Lynn Thorndike's History of Magic and Experimental ScienceHistory of Magic and Experimental Science.Francis R. Johnson & Lynn Thorndike - 1959 - Journal of the History of Ideas 20 (2):282.
  20. D. Lynn Holt.Thomas Kuhn & Lynn Joy - 1994 - In Peter Achinstein & Laura J. Snyder (eds.), Scientific Methods: Conceptual and Historical Problems. Krieger Pub. Co.. pp. 137.
     
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  21. Empathy: Its Ultimate and Proximate Bases.Stephanie D. Preston & Frans B. M. de Waal - 2001 - Behavioral and Brain Sciences 25 (1):1-20.
    There is disagreement in the literature about the exact nature of the phenomenon of empathy. There are emotional, cognitive, and conditioning views, applying in varying degrees across species. An adequate description of the ultimate and proximate mechanism can integrate these views. Proximately, the perception of an object's state activates the subject's corresponding representations, which in turn activate somatic and autonomic responses. This mechanism supports basic behaviors that are crucial for the reproductive success of animals living in groups. The Perception-Action Model, (...)
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  22.  53
    Unhoming Pigeons: The Postal Principle in Lynn Hershman Leeson and Hussein Chalayan.Lynn Turner - 2012 - Derrida Today 5 (1):92-110.
    In this article I bring together Jacques Derrida and Luce Irigaray's engagements with Sigmund Freud's vexed attempt to step beyond the pleasure principle. Derrida's speculations on the name, the house and the practice of Freud find him inadvertently rewriting the conditions of the autobiographical as that which erases as much as inscribes, while Irigaray requires a sexually different modelling of what we call language if the experience of the girl is to be addressed. Yet Irigaray uncannily repeats the teleological gesture (...)
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  23. Against Deliberation.Lynn M. Sanders - 1997 - Political Theory 25 (3):347-376.
  24. Collectives' Duties and Collectivisation Duties.Stephanie Collins - 2013 - Australasian Journal of Philosophy 91 (2):231-248.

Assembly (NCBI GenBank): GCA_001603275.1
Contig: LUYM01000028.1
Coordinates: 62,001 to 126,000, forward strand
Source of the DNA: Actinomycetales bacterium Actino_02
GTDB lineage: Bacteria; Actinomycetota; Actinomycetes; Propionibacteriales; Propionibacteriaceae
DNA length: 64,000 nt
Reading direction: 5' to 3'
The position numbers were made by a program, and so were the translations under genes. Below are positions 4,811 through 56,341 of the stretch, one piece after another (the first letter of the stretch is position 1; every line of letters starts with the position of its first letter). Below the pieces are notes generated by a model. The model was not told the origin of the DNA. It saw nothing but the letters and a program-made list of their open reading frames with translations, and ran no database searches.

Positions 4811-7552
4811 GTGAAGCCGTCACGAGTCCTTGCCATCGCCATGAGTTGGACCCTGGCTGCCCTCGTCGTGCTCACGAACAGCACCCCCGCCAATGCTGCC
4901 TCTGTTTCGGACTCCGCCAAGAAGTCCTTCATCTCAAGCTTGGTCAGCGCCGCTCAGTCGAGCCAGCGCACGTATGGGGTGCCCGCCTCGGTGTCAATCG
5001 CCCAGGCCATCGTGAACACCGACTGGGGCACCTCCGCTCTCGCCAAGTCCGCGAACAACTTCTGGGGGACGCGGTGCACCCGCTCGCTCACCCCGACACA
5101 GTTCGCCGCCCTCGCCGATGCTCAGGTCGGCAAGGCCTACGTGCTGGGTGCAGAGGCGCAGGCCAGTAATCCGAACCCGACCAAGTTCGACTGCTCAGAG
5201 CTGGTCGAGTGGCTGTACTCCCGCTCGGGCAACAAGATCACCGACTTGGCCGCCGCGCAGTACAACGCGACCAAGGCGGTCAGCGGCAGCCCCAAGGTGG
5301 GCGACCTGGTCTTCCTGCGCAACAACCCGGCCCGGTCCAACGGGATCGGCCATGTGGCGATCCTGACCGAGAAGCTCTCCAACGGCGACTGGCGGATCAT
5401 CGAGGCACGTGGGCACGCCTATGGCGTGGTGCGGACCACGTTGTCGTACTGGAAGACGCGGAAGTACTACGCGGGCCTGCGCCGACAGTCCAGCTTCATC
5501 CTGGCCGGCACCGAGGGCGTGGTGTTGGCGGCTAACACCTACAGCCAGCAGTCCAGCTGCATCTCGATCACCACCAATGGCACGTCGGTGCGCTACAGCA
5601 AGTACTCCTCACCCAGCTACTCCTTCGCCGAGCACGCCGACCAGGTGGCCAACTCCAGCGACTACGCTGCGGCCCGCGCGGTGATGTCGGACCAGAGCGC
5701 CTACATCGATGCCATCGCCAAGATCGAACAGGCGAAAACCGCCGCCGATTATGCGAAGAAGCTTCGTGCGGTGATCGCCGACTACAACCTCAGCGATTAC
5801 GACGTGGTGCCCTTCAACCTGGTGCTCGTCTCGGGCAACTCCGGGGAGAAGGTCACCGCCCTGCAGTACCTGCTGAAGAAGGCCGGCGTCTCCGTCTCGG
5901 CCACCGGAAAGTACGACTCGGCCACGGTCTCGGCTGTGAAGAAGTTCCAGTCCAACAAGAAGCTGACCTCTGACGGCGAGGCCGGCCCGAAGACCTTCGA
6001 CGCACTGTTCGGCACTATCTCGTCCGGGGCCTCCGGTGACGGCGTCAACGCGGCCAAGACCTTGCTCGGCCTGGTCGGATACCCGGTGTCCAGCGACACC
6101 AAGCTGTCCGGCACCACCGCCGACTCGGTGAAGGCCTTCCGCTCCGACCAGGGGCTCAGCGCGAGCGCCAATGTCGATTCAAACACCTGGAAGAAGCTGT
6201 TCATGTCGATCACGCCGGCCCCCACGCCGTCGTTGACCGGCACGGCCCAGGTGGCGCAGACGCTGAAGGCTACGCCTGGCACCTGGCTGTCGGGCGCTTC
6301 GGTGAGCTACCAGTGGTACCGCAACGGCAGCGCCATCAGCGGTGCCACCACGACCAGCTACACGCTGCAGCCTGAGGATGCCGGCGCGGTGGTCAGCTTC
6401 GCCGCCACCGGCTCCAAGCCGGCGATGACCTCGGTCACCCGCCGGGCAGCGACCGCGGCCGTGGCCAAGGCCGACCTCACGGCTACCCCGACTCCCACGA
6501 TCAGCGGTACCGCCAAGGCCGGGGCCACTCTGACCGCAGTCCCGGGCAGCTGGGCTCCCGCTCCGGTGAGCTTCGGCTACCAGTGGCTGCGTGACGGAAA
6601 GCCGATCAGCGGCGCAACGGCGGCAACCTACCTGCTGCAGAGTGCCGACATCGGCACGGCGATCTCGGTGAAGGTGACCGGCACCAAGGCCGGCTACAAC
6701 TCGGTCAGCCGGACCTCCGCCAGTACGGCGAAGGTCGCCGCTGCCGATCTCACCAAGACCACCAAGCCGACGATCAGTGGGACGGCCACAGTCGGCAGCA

Plausibly, only moral agents can bear action-demanding duties. This places constraints on which groups can bear action-demanding duties: only groups with sufficient structure—call them ‘collectives’—have the necessary agency. Moreover, if duties imply ability then moral agents (of both the individual and collectives varieties) can bear duties only over actions they are able to perform. It is thus doubtful that individual agents can bear duties to perform actions that only a collective could perform. This appears to leave us at a loss (...)
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  25. In Defense of Practical Reasons for Belief.Stephanie Leary - 2017 - Australasian Journal of Philosophy 95 (3):529-542.
    Many meta-ethicists are alethists: they claim that practical considerations can constitute normative reasons for action, but not for belief. But the alethist owes us an account of the relevant difference between action and belief, which thereby explains this normative difference. Here, I argue that two salient strategies for discharging this burden fail. According to the first strategy, the relevant difference between action and belief is that truth is the constitutive standard of correctness for belief, but not for action, while according (...)
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  26.  24
    Perception: A Representative Theory.Stephanie A. Ross - 1978 - Philosophical Review 87 (4):623.
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  27.  61
    A Review of Ethical Frameworks for the Disclosure of Individual Research Results in Population-Based Genetic and Genomic Research. [REVIEW]Isabelle Budin-Ljøsne - 2012 - Research Ethics 8 (1):25-42.
    Individual research results from population-based genetic and genomic research are traditionally not disclosed to research participants. Current practices of non-disclosure are, however, being challenged by an increasing number of scientists, ethicists and policy-makers who make arguments in favour of disclosing at least individual results of potential health or lifestyle significance to research participants. Simultaneously, research participants are expressing greater interest in accessing their results. This article first provides an overview of main arguments for and against the disclosure of individual research (...)